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Columbus Mayor makes ninth State of the City Address

Columbus Mayor Michael Coleman gave his ninth State of the City Address last night. He addressed a decades old curfew law that's never been enforced and downtown housing.

"When the clock strikes midnight, your child should be home with you," Coleman said.

With much applause from the crowd, Columbus Mayor Michael Coleman said he plans to enforce the city's 35-year-old curfew law. Starting June Fifth, kids ages 17 and younger who are out on the streets past midnight will be picked up and taken to the YMCA of Central Ohio. There they will stay until a parent can come get them.

"Nothing good can come when a child is out at 2 o'clock in the morning," Coleman said.

Coleman said he's going to give kids and parents two chances before possible charges are filed. On the first curfew violation, the child and parents will have to take part in a three hour workshop together. The second time the child receives community service. And if they're picked up a third time?

"The child may be charged with a curfew violation and the parent may be charged with parental neglect. Both are third degree misdemeanors," Coleman said.

Denise Painter of the Grove Port-Madison area likes the idea of enforcing the curfew. She has grandchildren ranging in ages from 13 to 17. Painter said there is no reason why a child under 17 should be out past midnight without their parents.

"If I got a call at two o'clock in the morning because my grandchildren were out. And they don't want to call me to come get them," Painter said.

Another item on the mayor's agenda was strengthening the downtown area. Coleman acknowledged the prices on many of the new condominiums are out of range for young professionals. He announced a $25 million project with Lifestyle Communities to build more than 200 new apartments and condos. They will run along Front Street between Town and Rich Streets. The apartments will rent for about $750. The condos will cost between $125,000 and $250,000.

"And let me tell you something. That's far less than what most downtown units cost," Coleman said.

Coleman also talked about changing the look and dynamic of High Street. He called High Street the "spine" of the city. Last year, the city took control of the failing City Center Mall. And now Coleman plans to in his words "open up High Street" by demolishing the City Center walkway. Also, he said he wants to fill more than 152,000 square feet of retail space along High Street. That figure excludes City Center Mall.

"We're really going to focus in on retail type incentives. There will be some grants, small grants, there will be some tax incentives focused on retail and other types of developments. We're going to try to figure out a way that we can rezone that area and create a greater demand for density in that area," Coleman said.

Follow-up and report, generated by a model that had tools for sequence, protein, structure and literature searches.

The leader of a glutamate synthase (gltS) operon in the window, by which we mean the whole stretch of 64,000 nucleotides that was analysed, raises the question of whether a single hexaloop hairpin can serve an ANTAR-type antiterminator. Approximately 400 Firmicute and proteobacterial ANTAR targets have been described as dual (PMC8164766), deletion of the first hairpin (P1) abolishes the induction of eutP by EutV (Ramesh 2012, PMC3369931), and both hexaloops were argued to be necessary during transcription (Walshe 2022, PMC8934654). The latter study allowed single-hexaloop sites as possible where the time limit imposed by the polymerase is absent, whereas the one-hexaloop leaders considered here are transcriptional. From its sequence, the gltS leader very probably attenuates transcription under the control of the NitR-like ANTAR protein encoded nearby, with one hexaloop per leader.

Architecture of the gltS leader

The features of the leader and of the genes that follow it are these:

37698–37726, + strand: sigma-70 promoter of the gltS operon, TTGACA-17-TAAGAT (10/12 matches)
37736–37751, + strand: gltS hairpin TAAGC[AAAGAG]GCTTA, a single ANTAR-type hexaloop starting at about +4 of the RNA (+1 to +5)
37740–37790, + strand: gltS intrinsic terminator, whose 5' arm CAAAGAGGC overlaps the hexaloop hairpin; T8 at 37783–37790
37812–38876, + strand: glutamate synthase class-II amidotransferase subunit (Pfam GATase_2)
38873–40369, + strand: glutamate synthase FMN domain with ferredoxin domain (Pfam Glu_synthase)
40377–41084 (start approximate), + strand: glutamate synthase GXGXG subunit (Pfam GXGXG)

Another topic of the address was "getting green." That's what Michael Chow, who lives in Dublin but works in Columbus, is most concerned about.

"I think the biggest point that stood out to me was the whole green spot and the green initiative. I think that is something that Mayor Coleman has had a great vision. He's really started the green movement in Columbus and it's spreading throughout Ohio," Chow said.

Coleman has pushed the city to be environmentally friendly for years. But last night he added three new strategies to his "green" cause. Coleman plans to offer an economic incentive package for "green" businesses. Also, he said he will start "Green Works" which will train people for jobs in environmentally conscious industries. And finally the mayor said he will start "The Green Spot."

"The green spot challenges everyone in Columbus to get green and recognizes businesses, schools, organizations and even homes for greening our city. So when you see this seal, it means something, it means they've stepped up to protect the environment and make Columbus a green city," Coleman said.

The mayor also re-visited a proposal he made a couple of years ago.

"You know, we're far too reliant on the automobile," the mayor said.

Coleman said with gas prices rising to more than $3.50 a gallon, it's time to introduce a streetcar to Columbus. He said two years ago there would not be a city-wide tax to fund a streetcar, and he reiterated that again last night. Coleman did not say when a line might be built or how much one would cost. But said there would be a tall hall style meeting later this month to discus those topics.

"Streetcars will help us connect people to our stores, our restaurants, the life downtown and neighborhoods to each other. Most of all it will give the working man and woman the freedom to get to work without digging ever deeper into their pockets for gasoline money," Coleman said.

Coleman said the streetcars would run alongside cars on High Street and connect downtown with the Short North and Ohio State's Campus.

The mayor also addressed health centers, neighborhood safety and bike trails.